The vain chance that the boy could escape their search was over. They would find him and their leader would exact some terrible retribution for the wrong that had been done. He had stopped holding his hand now. The triumph, surging within him, flooded his immediate thoughts. This would make him feel better. This would make him feel much, much better. He didn’t want to rush it.

“Go back to the van and break in. I’ll bet there’s an emergency supply of petrol in there. You know what they look like. They’re green plastic things with black hoses attached. Bring it back and we’ll have a little bonfire.”

Pete heard everything.

“I know you heard that kid. You’re going to be cooked like a barbeque. Let’s call it an early Guy Fawkes. Shame we haven’t any fireworks.”

That was when Pete really lost control. His bladder burst and the warm liquid ran down and along his legs. His shoulders heaved in a heavy realisation. His whole young body collapsed in on itself and he tried to summon the face of his mother and brothers, but they would not come.

He was alone, in a bin, waiting to be burnt alive and there was nobody coming to save him. His tormentors had won. They were now in charge.

They had found what they wanted.

“Lift the lids and pour equal amounts into each. We’ll have to guess which one he’s in once they take light.”

Dutifully, the others did as they were told. There was no more talk.

At the last moment before the lid opened, Pete controlled his tears. He felt the fluid falling around him and upon him. He almost choked on the smell of the fuel. After some moments, the first stage was complete. The leader stepped forward onto the platform. In his injured hand he held a box of matches. The lids had been taken off the bins and one of his underlings came to stand at his side.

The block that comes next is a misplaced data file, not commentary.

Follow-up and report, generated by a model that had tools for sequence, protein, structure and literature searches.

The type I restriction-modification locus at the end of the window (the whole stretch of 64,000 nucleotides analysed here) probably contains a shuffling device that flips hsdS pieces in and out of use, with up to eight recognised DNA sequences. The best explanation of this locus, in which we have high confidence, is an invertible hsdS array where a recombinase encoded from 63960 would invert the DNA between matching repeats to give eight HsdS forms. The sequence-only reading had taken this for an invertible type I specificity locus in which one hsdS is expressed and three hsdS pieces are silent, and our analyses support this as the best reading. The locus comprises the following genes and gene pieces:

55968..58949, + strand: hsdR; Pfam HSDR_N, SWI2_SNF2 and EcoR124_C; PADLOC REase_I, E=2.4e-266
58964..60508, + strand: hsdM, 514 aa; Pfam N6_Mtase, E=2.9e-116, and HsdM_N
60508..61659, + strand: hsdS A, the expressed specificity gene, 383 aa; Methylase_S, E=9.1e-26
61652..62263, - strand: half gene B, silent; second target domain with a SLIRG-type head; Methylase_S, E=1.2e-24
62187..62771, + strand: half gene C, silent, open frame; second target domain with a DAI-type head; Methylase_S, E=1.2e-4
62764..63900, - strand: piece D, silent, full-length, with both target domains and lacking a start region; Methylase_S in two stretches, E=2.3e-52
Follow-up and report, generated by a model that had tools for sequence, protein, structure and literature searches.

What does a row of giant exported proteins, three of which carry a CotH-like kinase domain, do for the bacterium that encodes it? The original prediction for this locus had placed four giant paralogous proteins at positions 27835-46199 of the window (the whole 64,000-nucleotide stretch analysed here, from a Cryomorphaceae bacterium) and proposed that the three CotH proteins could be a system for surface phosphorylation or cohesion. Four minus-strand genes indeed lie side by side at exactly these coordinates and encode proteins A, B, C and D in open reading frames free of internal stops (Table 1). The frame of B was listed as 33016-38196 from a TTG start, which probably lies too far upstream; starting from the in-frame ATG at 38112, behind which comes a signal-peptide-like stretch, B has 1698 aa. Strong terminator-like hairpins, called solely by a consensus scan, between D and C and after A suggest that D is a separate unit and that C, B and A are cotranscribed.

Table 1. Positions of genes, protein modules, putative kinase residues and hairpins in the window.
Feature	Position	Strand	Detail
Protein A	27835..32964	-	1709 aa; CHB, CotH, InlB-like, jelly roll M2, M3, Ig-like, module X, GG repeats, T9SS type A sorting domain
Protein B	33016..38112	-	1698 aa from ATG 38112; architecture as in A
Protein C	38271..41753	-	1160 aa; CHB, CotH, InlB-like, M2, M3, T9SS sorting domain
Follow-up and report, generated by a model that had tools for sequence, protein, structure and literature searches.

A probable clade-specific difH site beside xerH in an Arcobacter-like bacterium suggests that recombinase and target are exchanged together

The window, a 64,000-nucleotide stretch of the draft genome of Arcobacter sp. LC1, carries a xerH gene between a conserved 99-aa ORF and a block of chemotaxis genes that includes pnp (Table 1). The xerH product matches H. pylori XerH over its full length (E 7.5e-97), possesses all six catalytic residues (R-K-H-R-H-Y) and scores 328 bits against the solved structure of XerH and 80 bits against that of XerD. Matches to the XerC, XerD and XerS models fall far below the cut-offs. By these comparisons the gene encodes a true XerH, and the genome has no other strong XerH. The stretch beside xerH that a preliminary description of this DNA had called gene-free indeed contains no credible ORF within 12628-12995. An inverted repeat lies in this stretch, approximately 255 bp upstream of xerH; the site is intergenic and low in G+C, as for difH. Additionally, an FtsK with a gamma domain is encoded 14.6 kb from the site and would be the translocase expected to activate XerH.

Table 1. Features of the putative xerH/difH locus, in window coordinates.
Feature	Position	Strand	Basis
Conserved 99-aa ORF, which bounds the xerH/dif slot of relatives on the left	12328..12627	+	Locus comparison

He was holding his camera phone up to record the action.

“This is what happens to all those who defy us,” announced the leader. “Those who dare oppose the new way will die like this.”

He dropped a match into the first bin. He moved to the second and did likewise.

Pete held his breath and prayed.

He prayed that God would take him before the flames. He prayed that his mother would somehow find him and place him next to his father. He prayed that someday this would all be different. He prayed that it would be quick.

The match dropped and went out. Pete heard the word “shit” and then discerned the striking of another flame. It too fell, but this time it caught on some paper that was drenched in petrol. The initial flame rose and gave rise to others. Soon everything was alight.

Pete’s body felt the heat. He prayed some more and was reaching his final ‘Amen’ when his legs were grabbed from beneath. Fingers wrapped themselves around his ankles and pulled hard. The force was so powerful that it made his arms fly up above him. His stomach was in his mouth as he dropped at a speed that defied comprehension.

Later the gang would push over the bins and find only cardboard and plastic. Their triumph would be empty, but they would get over it.

The New Age was coming and they would be a part of it.